Zheping Huang and Vlad Savov, Bloomberg:
The White House’s vaguely worded edict left a lot of open questions about how broadly the ban would be applied and the full ramifications for Tencent Holdings Ltd. But it likely gets WeChat bumped off Apple and Google’s app stores in 45 days, which means at least suspending updates for a service vital to everything from engineers talking with iPhone assemblers to Chinese people video-chatting with family back home.
If the ban extends to a block on its use, that threatens to eventually sever those ties because WeChat is the go-to for a billion people for everything from booking movie and train tickets to shopping, and alternatives like WhatsApp are blocked in China. The potential ructions underscore Tencent’s pivotal role within the global tech and internet economies, as a juggernaut with deep investments or connections with American businesses from Activision Blizzard Inc. and Snap Inc. to the NBA.
“It would practically shut down communication between the U.S. and China,” said Graham Webster, China Digital Economy Fellow at think tank New America. “These orders just wrap the real issues up in political theater.”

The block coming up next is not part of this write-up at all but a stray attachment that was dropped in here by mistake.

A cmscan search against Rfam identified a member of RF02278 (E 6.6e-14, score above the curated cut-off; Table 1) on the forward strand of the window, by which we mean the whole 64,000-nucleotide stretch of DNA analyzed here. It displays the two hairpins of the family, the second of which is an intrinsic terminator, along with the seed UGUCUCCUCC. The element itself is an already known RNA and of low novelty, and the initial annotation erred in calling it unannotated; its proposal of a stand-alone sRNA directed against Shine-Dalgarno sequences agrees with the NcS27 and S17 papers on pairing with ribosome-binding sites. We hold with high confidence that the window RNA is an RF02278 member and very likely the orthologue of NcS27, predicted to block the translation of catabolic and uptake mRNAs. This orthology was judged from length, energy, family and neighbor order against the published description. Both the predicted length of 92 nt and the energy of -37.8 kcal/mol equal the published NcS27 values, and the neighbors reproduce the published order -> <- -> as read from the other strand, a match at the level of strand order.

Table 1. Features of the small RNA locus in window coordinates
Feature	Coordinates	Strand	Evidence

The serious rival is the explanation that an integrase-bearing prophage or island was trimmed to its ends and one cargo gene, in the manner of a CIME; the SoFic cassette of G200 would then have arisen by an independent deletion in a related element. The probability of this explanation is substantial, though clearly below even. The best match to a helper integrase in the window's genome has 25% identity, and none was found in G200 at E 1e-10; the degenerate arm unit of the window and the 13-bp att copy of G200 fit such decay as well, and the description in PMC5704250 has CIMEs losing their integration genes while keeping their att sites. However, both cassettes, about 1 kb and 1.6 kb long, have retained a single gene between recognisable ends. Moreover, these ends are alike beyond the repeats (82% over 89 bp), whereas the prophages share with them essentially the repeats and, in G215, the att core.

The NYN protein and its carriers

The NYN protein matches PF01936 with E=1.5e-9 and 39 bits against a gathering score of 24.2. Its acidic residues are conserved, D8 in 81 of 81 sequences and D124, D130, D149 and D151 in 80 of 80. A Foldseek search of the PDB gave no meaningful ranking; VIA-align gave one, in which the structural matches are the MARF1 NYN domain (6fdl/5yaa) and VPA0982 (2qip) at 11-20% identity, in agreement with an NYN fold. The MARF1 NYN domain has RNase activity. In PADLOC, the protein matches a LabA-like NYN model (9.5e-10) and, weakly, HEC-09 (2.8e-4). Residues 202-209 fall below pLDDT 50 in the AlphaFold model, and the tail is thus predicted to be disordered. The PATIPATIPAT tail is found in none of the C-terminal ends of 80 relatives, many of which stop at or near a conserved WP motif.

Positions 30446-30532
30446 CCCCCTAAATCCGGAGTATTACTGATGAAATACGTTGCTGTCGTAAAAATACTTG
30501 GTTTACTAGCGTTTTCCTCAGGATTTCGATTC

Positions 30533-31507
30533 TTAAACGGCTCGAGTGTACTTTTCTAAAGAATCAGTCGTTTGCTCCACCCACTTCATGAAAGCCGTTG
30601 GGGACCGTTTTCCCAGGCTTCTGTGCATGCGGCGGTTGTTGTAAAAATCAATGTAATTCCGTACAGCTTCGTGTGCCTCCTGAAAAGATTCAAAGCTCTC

WeChat is, as Ben Thompson put it, “the most important layer of the smartphone stack” in China, and it remains so for many of those with family and friends in the country. Ming-Chi Kuo, in a note to investors, estimates that iPhone shipments would drop significantly if Apple could not keep WeChat in the App Store. I’m not weeping at the thought of fewer sales; this as an indication of just how important WeChat is. At the extreme end, these clumsy executive orders could be as powerful a motivator as antitrust action for a change in how apps work on iOS.
In the short term, it means that people and businesses around the world may be cut off from family, friends, customers, and a substantial source of income.